Monday, April 5th, 2010
"The Word became flesh and resided among us." (John 1:14)
Why is Jesus called "the Word," or Logos? Jehovah used his Son to convey information and instructions to other spirit sons, even as God used that Son to deliver His message to humans on earth. The fact that Jesus is the Word, or God's Spokesman, is echoed in what Christ said to his Jewish listeners: "What I teach is not mine, but belongs to him that sent me. If anyone desires to do His will, he will know concerning the teaching whether it is from God or I speak of my own originality." (John 7:16, 17) Jesus continues to bear the title "The Word of God" even after his return to heavenly glory. (Revelation 19:11, 13, 16) Just think about what this title implies. Although Jesus is the wisest of all of Jehovah's creatures, he does not rely on his own wisdom. He speaks as his Father instructs him. He always directs attention to Jehovah rather than himself. (John 12:50) What a wonderful example for us to imitate!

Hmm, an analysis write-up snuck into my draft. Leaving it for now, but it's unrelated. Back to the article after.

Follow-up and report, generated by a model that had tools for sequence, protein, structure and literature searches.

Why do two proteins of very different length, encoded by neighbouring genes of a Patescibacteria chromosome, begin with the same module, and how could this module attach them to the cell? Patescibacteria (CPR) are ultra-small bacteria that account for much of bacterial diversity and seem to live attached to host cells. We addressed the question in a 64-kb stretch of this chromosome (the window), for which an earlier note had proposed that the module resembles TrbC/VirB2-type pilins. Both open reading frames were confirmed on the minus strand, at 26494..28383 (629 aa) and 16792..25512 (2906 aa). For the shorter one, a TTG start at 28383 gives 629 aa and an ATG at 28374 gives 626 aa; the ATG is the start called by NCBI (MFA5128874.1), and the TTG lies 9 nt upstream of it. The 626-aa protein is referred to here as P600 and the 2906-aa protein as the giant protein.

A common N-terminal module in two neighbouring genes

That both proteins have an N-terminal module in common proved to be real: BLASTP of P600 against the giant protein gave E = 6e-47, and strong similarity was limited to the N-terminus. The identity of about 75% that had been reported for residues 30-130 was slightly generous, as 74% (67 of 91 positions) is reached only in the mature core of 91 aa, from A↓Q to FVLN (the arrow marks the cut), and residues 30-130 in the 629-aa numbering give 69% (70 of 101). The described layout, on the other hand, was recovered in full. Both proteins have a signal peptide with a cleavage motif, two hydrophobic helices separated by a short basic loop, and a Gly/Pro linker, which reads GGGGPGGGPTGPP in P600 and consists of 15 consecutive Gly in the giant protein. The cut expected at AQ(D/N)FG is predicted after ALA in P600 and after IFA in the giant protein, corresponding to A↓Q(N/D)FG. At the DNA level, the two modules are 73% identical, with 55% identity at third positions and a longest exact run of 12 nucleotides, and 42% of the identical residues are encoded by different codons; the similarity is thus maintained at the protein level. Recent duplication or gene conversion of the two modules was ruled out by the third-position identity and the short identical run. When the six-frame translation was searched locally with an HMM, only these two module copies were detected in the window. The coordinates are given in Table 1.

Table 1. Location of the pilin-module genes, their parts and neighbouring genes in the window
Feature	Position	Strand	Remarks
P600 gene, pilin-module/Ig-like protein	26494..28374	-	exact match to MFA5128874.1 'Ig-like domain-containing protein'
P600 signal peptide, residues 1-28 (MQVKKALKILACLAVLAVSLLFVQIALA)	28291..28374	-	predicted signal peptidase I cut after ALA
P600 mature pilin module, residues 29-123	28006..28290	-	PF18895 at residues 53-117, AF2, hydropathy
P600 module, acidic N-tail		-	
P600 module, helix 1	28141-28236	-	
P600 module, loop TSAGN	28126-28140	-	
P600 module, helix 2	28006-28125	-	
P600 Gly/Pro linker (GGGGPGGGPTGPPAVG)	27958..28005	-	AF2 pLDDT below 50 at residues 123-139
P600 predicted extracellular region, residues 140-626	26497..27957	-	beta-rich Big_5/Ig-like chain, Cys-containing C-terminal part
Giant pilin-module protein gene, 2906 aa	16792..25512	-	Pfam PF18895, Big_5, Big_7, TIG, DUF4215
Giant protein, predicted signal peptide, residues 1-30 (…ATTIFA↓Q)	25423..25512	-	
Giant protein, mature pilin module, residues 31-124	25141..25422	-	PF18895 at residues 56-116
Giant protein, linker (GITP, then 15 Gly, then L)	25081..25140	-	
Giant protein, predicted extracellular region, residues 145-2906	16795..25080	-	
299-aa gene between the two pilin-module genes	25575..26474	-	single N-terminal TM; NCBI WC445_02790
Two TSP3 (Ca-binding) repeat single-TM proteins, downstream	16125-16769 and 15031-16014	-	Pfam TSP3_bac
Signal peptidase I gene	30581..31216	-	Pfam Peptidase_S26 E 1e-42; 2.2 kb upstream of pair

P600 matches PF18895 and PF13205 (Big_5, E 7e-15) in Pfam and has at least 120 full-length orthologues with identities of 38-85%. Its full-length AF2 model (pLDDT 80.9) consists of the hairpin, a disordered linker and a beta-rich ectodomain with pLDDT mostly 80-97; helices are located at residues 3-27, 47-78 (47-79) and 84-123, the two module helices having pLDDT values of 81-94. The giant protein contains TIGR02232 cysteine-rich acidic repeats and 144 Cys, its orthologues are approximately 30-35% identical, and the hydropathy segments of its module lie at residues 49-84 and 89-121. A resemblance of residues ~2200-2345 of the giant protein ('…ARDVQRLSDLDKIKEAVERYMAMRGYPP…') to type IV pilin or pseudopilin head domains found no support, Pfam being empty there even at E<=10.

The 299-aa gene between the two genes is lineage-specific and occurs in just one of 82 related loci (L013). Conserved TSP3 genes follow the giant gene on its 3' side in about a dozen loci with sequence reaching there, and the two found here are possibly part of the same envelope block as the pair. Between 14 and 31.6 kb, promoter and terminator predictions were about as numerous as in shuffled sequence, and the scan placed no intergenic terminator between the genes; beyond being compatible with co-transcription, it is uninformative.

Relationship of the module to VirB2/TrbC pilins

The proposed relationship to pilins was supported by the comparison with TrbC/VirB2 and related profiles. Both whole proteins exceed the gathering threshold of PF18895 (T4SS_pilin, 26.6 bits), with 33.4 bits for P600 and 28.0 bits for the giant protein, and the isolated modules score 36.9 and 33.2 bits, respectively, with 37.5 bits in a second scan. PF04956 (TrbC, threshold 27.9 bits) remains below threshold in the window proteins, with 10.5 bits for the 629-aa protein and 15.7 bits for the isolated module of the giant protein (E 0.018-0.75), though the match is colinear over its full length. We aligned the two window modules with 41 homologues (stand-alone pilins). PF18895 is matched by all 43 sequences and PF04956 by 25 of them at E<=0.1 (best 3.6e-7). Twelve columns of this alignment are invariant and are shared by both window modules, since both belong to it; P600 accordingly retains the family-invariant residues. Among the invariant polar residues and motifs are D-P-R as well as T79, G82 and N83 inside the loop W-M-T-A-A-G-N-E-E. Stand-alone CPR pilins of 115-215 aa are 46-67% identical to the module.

(Watchtower issue: 12/15/08, 3:6, 7)
Jesus set the perfect example when it comes to obeying direction to teach what we've been commanded to teach. If everyone followed Jesus' lead in this regard, there wouldn't be thousands of different Christian denominations with so many interpretations of the Bible.
The early Christians came from a variety of cultural and religious backrounds, but once they converted to Christianity they were all harmoniously united by ONE set of Scriptural beliefs, and ONE gospel message to preach to the people. Going beyond what God originally set forth in the Scriptures is what has led to so much confusion and deviation from the truth of the "Word"
"...earnestly endeavoring to observe the oneness of the spirit in the uniting bond of peace. One body there is, and one spirit, even as YOU were called in the one hope to which YOU were called; one Lord, one faith, one baptism; one God and Father of all [persons]..."
It doesn't get much clearer than that, when it comes to delivering the message which God instructs us to (rather than substituting it with our own ideas and interpretations).